WSUP’s school programme in Mozambique: healthier kids and policy change

Themes: Community management Gender Health impact Hygiene Sanitation WASH Water
Countries: Mozambique

Since 2010, WSUP’s school programme in Mozambique has improved water, sanitation and hygiene (WASH) conditions in 16 primary schools in Maputo. Tens of thousands of children and their local communities have benefitted from new facilities and hygiene campaigns in an effort that has led to policy change.

On Thursday, the 2nd of February, 2023, the community at Maputo’s Artur Canana primary school gathered for a special event. Councilor of Education and Sports, School Director, teachers, pupils and community leaders celebrated the inauguration of new sanitation blocks, with separate structures for teachers and students – one for boys, one for girls, and another for people with disabilities.

Maputo’s new Strategy

The new facilities at Artur Canana are the latest accomplishment of a programme launched by WSUP back in 2010, in one of its first initiatives in Mozambique. Thirteen years later, not only has the programme improved conditions for tens of thousands of pupils, teachers and members of their communities, it has also helped transform the future of school conditions in the Mozambican capital.

In 2021, the Maputo Municipality approved a new “Water, Sanitation and Hygiene Strategy for Maputo City Primary Schools”, for the period of 2021-2031, a document supported by WSUP and inspired by its work in schools in the previous decade. “The WASH Strategy aims at contributing to a quality teaching and learning process that runs without interruptions, with adequate water, sanitation, and hygiene conditions that allow students to learn and practice healthy hygiene habits”, says the document.

“This is a result of the work initiated by WSUP”, explains Dinis Namburete, WSUP’s Community Development Specialist in Mozambique, who has been leading the project since its very first intervention in 2010. “It includes a diagnosis of the situation in the 101 schools of the city and the actions that need to be taken to improve it.”

New sanitary block built at Artur Canana primary school, in Maputo, and handed to the school in February 2023. (Photo: Dinis Namburete)

After providing a general diagnosis of the challenges, the Strategy has defined the minimum standards the 101 schools in Maputo ought to achieve by 2031, in water, sanitation and hygiene. In the specific area of sanitation, a specific attention is dedicated to female students and their particular needs.

“The school must have separate sanitation blocks according to gender, with at least a comfortable space for Menstrual Hygiene (MH) at the girls/women’s toilets (with privacy, water available and space to deposit used pads)”, says the document, which also highlights the needs of people with disabilities. Each school in Maputo will eventually have to provide, according to the Strategy, “[…] at least one unisex space for disabled people with limited mobility”.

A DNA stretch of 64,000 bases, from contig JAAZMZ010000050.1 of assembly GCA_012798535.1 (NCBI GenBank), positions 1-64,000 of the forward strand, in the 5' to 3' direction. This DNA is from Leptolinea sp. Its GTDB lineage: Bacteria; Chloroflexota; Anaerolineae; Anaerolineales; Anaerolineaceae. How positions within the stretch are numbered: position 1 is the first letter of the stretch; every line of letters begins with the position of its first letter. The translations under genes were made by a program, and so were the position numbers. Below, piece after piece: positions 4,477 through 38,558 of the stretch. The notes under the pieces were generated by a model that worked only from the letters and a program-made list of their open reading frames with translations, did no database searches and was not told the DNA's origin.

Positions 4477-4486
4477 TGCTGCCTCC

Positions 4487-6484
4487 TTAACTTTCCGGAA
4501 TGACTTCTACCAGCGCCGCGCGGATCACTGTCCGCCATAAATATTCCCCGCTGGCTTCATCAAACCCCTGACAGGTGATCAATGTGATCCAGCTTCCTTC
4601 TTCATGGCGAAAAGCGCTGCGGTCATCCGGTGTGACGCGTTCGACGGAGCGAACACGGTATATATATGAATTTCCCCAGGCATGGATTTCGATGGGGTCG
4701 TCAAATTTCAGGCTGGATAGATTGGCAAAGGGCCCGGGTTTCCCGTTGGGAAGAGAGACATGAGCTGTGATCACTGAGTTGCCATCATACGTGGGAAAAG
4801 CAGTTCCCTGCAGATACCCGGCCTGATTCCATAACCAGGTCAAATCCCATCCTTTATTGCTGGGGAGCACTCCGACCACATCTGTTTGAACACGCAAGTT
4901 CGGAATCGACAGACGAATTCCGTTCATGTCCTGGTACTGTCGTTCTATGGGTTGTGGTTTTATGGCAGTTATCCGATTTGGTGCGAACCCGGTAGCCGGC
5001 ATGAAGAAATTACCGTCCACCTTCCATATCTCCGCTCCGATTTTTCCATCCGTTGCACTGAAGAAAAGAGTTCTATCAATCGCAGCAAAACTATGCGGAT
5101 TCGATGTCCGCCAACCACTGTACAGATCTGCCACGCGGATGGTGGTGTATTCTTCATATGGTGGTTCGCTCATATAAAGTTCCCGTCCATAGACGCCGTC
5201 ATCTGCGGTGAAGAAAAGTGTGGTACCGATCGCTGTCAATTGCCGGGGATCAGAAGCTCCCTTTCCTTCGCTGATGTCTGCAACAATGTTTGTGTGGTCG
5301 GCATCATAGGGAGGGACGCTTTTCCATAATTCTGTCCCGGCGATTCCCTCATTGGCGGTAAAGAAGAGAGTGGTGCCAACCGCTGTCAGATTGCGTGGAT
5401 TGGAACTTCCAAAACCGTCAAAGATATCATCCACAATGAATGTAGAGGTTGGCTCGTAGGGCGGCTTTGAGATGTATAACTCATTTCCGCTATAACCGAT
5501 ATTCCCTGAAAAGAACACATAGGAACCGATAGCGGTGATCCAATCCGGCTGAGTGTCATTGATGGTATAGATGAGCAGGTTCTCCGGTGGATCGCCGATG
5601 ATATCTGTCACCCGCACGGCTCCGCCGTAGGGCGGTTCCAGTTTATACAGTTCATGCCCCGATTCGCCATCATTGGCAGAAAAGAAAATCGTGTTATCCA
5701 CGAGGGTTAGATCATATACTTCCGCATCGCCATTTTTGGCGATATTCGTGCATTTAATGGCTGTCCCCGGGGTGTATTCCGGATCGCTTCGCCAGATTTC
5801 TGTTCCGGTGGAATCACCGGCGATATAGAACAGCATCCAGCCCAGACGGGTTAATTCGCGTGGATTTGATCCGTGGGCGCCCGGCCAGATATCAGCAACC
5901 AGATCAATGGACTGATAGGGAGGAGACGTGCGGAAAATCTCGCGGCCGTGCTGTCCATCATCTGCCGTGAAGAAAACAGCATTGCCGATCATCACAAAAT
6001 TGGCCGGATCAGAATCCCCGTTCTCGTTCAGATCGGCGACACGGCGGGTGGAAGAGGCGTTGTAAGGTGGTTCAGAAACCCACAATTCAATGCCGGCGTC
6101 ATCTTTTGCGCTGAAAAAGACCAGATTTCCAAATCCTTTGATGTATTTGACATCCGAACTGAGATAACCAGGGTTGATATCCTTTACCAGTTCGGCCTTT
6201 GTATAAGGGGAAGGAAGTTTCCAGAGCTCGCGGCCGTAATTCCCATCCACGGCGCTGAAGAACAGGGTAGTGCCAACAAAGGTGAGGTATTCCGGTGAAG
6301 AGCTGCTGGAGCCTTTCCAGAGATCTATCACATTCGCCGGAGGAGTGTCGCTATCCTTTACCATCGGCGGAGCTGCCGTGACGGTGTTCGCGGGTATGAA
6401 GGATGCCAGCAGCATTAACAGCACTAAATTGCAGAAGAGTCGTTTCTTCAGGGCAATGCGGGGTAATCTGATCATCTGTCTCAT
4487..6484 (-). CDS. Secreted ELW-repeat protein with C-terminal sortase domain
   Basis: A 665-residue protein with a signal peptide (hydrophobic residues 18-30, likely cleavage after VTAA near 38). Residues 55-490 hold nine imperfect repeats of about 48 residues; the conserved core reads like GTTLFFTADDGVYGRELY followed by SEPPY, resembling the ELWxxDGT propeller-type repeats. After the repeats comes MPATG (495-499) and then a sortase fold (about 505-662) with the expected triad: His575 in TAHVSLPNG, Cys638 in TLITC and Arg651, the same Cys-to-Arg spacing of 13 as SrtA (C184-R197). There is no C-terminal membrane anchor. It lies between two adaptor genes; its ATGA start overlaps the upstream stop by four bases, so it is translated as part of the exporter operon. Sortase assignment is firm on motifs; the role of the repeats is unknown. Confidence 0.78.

The total implementation of the Strategy comes at a cost: 2.27 billion meticais (MT), or around £30 million, over ten years. This cost, according to the municipal authorities, should be shared between “four strategy stakeholders”: the Maputo Cty Council, the central Government, partners, and parents, as the direct involvement of the community is seen as important for meeting the costs of day-to-day maintenance of facilities.

The FPLM primary school, in Maputo, was the first to receive improvements provided by the WSUP schools programme. (Photo: Rogerio Simoes)

The first transformation

With financial support from different institutions, such as the Bill and Melinda Gates Foundation, AusAID, WASSER FUR WASSER (WfW), and a foundation that wishes to remain anonymous, over the years the WSUP’s schools programme has built a reputation of transformation and community building in primary schools of the Mozambican capital.

It all started with one of the city’s largest and most central schools, the FPLM Primary School – named after the People’s Forces for the Liberation of Mozambique, which evolved into the country’s Armed Forces. “The school had very serious issues with its lavatories”, says the then Director of the FPLM school, Armindo Lissai. “When they [WSUP] decided to intervene in some schools, they looked at which ones were most in need of intervention. And our school was deemed eligible.”

Having been a student at the school before WSUP’s intervention, Dércia da Cruz remembers how challenging FPLM’s facilities was for the children at the time. “We were kids, and we would enter the lavatory and find a lake of wee, so we entered walking on our hills in those days”, she says.

According to Armindo Lissai, the problems at FPLM went beyond the actual conditions of the sanitation blocks, including also regular floods due to a poor drainage system in the premises. WSUP’s intervention started with the most urgent tasks, such as unblocking and replacing some of the toilets and painting the sanitation blocks. The team also fixed the flooding issues, by building a better drainage structure.